What’s in a Pen?
The Wirecutter has a 6,500 word review of not only what it considers the best pen (a uni-ball Jetstream), but all sorts of facts and tidbits about pens in general.
Take a look:
There are pretty much three types of non-fountain ink pens currently on the market that you can get on the cheap: ballpoint, rollerball and gel pens. All three are closely related, but, generally speaking, each has some advantages and disadvantages over the others…
…Ballpoint technology, invented in the 1800s, is the grandaddy of all of this. It was designed to be a better and easier way of dispensing ink—embedded in the point of a pen, a rolling ball transfers the ink to the page. Ballpoints use oil-based ink solutions, which dry quickly on the page, don’t bleed through much and don’t dry out easily in the pen itself. But ballpoints tend not to be very smooth to write with.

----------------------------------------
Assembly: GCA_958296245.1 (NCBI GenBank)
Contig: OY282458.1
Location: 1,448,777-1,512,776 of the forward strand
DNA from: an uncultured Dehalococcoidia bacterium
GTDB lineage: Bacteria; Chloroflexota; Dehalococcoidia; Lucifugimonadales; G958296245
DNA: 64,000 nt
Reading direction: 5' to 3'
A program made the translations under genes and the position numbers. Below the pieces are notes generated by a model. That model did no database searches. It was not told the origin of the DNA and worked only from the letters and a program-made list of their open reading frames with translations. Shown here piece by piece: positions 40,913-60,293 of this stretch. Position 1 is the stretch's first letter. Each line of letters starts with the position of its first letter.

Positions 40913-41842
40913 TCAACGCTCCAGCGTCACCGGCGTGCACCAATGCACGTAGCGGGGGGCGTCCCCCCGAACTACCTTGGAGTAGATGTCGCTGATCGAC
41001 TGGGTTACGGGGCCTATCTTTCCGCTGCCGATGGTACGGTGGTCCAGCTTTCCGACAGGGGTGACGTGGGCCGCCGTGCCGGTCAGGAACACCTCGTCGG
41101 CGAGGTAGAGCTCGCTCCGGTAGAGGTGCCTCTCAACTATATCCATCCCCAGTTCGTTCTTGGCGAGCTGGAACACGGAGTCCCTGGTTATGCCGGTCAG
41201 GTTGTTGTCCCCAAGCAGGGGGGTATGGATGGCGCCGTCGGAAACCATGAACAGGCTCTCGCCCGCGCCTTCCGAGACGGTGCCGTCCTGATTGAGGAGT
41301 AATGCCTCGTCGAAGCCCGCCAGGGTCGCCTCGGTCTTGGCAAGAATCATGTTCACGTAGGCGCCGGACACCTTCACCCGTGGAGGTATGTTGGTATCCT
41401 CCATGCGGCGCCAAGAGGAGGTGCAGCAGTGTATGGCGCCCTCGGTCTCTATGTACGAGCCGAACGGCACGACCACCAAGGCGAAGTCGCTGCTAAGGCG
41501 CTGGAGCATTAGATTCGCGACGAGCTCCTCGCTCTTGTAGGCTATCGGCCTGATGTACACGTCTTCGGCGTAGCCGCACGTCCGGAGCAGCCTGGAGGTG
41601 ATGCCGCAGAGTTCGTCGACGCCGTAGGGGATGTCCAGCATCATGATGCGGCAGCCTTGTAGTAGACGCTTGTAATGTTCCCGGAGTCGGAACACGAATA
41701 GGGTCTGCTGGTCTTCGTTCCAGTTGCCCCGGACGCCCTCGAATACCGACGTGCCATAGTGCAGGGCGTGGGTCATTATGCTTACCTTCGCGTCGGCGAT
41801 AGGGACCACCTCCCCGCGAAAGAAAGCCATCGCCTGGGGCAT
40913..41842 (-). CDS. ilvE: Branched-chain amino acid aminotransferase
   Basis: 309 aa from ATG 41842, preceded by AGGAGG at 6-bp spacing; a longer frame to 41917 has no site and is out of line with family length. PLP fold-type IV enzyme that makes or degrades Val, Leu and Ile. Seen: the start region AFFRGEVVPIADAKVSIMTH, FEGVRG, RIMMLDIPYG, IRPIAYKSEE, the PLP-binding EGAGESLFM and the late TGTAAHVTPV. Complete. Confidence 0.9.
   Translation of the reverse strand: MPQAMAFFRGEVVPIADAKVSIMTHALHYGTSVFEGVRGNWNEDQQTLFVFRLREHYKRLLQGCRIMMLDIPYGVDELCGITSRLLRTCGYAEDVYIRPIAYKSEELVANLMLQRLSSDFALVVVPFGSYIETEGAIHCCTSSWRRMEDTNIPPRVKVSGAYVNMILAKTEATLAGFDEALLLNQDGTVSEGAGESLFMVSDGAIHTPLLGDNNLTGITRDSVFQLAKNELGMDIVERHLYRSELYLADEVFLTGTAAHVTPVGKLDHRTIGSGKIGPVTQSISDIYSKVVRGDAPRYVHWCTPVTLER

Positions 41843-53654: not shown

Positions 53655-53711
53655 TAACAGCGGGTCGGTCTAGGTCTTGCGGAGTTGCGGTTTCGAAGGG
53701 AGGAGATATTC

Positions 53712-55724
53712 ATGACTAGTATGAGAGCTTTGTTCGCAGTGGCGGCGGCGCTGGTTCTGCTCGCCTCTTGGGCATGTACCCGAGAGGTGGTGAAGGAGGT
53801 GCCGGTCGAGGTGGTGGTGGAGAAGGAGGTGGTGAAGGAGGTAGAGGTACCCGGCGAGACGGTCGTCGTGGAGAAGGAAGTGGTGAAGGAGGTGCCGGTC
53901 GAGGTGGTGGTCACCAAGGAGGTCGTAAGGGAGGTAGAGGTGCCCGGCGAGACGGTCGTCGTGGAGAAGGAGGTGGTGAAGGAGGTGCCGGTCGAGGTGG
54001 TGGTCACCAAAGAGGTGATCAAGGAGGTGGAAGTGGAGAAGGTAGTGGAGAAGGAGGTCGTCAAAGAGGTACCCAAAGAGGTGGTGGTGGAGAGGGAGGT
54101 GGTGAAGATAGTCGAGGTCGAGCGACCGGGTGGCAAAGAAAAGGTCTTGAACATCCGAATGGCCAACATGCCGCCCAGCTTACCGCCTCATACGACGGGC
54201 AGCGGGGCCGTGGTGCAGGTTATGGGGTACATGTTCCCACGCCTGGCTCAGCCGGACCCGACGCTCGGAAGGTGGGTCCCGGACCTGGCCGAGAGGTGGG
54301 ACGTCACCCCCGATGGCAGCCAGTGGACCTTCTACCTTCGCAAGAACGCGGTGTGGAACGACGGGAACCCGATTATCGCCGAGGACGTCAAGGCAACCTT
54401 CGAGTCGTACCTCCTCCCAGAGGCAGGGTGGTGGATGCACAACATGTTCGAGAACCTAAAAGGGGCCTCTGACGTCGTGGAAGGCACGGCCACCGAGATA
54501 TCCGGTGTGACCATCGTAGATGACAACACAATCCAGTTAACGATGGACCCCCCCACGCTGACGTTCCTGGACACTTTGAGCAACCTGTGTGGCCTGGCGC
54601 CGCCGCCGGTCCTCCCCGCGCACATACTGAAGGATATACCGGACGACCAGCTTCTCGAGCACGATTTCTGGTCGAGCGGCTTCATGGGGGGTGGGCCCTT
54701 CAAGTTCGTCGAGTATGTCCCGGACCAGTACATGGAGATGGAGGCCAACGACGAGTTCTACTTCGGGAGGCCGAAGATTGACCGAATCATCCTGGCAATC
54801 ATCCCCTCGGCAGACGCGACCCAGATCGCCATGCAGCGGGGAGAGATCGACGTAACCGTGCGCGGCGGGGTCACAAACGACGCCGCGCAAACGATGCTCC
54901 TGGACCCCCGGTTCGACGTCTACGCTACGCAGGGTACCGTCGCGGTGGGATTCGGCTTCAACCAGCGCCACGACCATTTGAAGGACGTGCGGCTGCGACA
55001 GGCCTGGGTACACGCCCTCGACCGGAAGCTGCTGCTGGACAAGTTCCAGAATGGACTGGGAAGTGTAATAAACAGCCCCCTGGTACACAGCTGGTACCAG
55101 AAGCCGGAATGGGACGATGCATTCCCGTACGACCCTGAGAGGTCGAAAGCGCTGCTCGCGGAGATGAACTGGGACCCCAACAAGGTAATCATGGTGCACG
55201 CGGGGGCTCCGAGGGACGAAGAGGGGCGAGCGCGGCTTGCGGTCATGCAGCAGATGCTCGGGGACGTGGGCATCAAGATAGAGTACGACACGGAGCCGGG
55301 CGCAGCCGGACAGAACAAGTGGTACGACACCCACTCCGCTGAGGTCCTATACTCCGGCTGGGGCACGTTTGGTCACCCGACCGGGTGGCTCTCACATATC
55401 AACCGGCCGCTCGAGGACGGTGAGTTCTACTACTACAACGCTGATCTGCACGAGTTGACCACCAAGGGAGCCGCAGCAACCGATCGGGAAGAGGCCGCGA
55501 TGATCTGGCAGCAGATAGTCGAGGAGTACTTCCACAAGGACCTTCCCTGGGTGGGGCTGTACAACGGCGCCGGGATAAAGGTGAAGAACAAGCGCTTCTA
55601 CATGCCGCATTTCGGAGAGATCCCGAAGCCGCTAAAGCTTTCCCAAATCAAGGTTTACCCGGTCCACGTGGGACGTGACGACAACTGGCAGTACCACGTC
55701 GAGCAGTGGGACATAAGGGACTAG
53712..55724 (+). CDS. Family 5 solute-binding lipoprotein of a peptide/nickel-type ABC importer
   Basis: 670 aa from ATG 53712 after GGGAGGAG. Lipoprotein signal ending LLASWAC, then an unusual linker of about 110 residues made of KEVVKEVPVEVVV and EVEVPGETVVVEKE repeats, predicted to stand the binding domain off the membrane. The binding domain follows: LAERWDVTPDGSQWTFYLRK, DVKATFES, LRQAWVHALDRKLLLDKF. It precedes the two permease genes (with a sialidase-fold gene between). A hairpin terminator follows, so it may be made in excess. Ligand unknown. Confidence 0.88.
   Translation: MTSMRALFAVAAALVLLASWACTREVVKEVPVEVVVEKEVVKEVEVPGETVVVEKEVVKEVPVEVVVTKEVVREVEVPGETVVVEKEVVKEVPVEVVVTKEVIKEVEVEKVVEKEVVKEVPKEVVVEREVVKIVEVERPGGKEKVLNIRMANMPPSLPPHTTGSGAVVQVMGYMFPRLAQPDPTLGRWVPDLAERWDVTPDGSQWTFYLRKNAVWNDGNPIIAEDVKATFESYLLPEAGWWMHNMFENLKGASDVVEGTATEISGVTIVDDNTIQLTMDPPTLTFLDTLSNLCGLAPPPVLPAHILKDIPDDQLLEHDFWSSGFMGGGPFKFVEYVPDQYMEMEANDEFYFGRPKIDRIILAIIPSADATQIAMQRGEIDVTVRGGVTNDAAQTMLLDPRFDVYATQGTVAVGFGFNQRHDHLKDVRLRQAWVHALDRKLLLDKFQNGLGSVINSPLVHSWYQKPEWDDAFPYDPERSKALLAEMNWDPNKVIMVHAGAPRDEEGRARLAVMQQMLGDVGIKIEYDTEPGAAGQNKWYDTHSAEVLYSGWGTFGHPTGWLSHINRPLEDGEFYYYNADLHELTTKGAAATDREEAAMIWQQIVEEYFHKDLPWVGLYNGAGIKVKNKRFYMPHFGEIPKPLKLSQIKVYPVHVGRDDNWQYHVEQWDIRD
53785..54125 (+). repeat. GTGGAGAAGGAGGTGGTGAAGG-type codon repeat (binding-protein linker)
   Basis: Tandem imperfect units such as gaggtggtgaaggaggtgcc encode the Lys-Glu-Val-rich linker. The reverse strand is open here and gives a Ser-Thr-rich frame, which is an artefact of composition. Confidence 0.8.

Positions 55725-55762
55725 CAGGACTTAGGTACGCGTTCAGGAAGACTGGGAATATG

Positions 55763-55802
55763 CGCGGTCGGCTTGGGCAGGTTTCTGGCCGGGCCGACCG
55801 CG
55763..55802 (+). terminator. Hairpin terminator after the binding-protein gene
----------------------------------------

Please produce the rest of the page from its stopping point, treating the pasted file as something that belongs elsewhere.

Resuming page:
Rollerballs use water-based ink, which provides smoother, finer lines. They are available in a wider array of colors and require less pressure to use. But their inks tend to dry slowly on the page, can easily smudge and bleed, and can dry out in the pen itself.
Gel pens are technically a rollerball variant, but use a much thicker, more viscous ink. So gel pens don’t bleed as much as most rollerballs, and you still get very smooth, fine and vivid lines. But they still generally have smudging and drying problems, and the ink runs thick; a 0.5 mm gel pen will put down a wider line than 0.5 mm in other types.
But… pens? Why not grab whatever’s available?
Because, as the review says, the “difference between an awesome pen and a mediocre one is just a couple bucks.” So, awesome. We like that.
We also like that the pens reviewed had to be less than $5.
Image: The FJP’s Jihii Jolly demonstrates her handiwork with a pen by transcribing the first of Rainer Rilke’s Duino Elegies. Via her Instagram. Select to embiggen.